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(1) This is the last time I have lent you money.

(2) This is the last time I am lending you money.

(3) This is the last time I will lend you money.

I am not sure when to use which tense of "lend". Please help me. Thank you very much.

Comments  
ansonguy(1) This is the last time I have lent you money.

This is not possible without a time machine or a molecular duplicator a la Star Trek. "Have lent" places the event firmly in the past, so "this" does not work. Maybe "That was the last time I lent you money.", which means that I never lent you money from that time until now.

ansonguy(2) This is the last time I am lending you money.

This is possible using the present to denote future intention. It means the same thing as (3).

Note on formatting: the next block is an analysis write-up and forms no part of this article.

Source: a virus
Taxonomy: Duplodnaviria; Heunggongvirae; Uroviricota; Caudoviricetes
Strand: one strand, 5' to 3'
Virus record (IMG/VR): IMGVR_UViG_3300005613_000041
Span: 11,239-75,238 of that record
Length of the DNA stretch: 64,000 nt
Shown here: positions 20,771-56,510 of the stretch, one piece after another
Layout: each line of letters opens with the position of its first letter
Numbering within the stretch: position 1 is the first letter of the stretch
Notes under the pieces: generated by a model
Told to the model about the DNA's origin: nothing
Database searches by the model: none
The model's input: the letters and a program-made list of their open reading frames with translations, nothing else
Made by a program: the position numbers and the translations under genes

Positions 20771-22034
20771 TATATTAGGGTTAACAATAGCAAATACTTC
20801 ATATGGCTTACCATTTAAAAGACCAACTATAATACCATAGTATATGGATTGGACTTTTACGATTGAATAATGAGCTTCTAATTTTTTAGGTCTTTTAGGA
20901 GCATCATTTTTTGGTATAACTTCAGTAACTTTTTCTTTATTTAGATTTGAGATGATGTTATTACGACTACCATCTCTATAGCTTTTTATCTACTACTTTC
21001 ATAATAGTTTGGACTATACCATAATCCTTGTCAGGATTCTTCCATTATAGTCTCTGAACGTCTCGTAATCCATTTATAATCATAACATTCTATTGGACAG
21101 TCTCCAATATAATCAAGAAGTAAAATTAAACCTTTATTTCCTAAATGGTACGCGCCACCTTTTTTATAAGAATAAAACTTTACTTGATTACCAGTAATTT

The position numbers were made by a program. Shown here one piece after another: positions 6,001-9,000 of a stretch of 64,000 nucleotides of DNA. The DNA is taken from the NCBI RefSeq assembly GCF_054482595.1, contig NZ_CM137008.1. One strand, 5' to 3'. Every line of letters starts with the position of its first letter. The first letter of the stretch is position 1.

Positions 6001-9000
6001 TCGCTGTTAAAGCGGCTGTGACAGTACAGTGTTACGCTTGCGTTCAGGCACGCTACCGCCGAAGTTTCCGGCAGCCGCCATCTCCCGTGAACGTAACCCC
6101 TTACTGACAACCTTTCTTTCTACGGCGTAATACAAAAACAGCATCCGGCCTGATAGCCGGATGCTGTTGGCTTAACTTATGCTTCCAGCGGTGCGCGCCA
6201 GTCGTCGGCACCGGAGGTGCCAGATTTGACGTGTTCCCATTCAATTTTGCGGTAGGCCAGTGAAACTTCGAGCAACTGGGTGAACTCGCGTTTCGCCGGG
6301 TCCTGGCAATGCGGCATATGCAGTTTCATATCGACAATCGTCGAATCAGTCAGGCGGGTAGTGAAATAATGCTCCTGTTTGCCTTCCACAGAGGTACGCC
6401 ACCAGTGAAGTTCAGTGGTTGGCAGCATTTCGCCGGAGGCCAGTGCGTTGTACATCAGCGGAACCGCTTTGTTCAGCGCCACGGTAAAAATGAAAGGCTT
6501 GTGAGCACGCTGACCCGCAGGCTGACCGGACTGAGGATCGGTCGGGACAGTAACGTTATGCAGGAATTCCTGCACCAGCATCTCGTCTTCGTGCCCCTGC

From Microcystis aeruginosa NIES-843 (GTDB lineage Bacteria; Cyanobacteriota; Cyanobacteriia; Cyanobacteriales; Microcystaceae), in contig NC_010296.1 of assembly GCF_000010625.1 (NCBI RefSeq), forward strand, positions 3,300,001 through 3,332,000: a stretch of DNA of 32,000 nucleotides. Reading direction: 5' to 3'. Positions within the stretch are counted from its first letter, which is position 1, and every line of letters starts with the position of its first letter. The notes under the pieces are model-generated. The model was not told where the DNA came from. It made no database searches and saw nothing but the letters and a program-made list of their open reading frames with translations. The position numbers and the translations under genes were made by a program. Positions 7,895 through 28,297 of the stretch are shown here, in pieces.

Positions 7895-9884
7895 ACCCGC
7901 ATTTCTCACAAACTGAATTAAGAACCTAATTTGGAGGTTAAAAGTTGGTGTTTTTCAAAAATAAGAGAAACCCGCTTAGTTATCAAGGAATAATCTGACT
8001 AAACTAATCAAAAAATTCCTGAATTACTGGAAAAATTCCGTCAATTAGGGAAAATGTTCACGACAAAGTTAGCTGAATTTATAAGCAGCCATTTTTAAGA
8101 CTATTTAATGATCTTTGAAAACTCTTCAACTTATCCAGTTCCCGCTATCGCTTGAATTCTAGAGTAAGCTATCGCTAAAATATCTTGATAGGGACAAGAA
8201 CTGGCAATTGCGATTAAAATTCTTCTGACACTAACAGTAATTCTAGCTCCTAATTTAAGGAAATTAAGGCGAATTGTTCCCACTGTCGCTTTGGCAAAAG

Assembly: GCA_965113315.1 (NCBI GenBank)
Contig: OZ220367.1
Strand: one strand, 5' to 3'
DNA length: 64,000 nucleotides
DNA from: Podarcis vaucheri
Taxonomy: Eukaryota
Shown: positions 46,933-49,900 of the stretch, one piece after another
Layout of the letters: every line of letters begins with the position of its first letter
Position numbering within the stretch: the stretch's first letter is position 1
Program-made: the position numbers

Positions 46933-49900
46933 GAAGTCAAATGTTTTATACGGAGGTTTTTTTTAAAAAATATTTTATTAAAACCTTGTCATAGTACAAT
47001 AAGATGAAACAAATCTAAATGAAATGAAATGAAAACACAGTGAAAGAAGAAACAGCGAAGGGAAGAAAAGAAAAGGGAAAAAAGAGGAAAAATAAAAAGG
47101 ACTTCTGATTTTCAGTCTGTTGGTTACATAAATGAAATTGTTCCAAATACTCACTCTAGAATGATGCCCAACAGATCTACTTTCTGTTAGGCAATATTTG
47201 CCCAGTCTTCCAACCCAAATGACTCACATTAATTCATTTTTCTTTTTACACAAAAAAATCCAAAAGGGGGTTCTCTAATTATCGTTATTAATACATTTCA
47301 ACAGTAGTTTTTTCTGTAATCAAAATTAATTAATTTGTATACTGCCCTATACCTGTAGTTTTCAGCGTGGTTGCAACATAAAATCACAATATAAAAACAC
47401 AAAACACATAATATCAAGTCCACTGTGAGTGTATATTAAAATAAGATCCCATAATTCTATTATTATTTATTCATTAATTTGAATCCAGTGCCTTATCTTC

ansonguy(3) This is the last time I will lend you money.

This is the clearest and the standard way of saying that I will never lend you money again after this time.

ansonguy

(1) This is the last time I have lent you money. No, even grammatically ok, but semantically flawed.

(2) This is the last time I am lending you (the/ any) money. Improved as edited.

(3) This is the last time I will lend you (the/ any) money. Improved as edited.

I am not sure when to use which tense of "lend". Please help me. Thank you very much.

Both 2, AND 3 are correct (as edited). You need a determiner before "money", The present continuous is used in the future so semantically, both carry the same weight in meaning.

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anonymousYou need a determiner before "money",

Not in my US dialect, and I daresay in US English.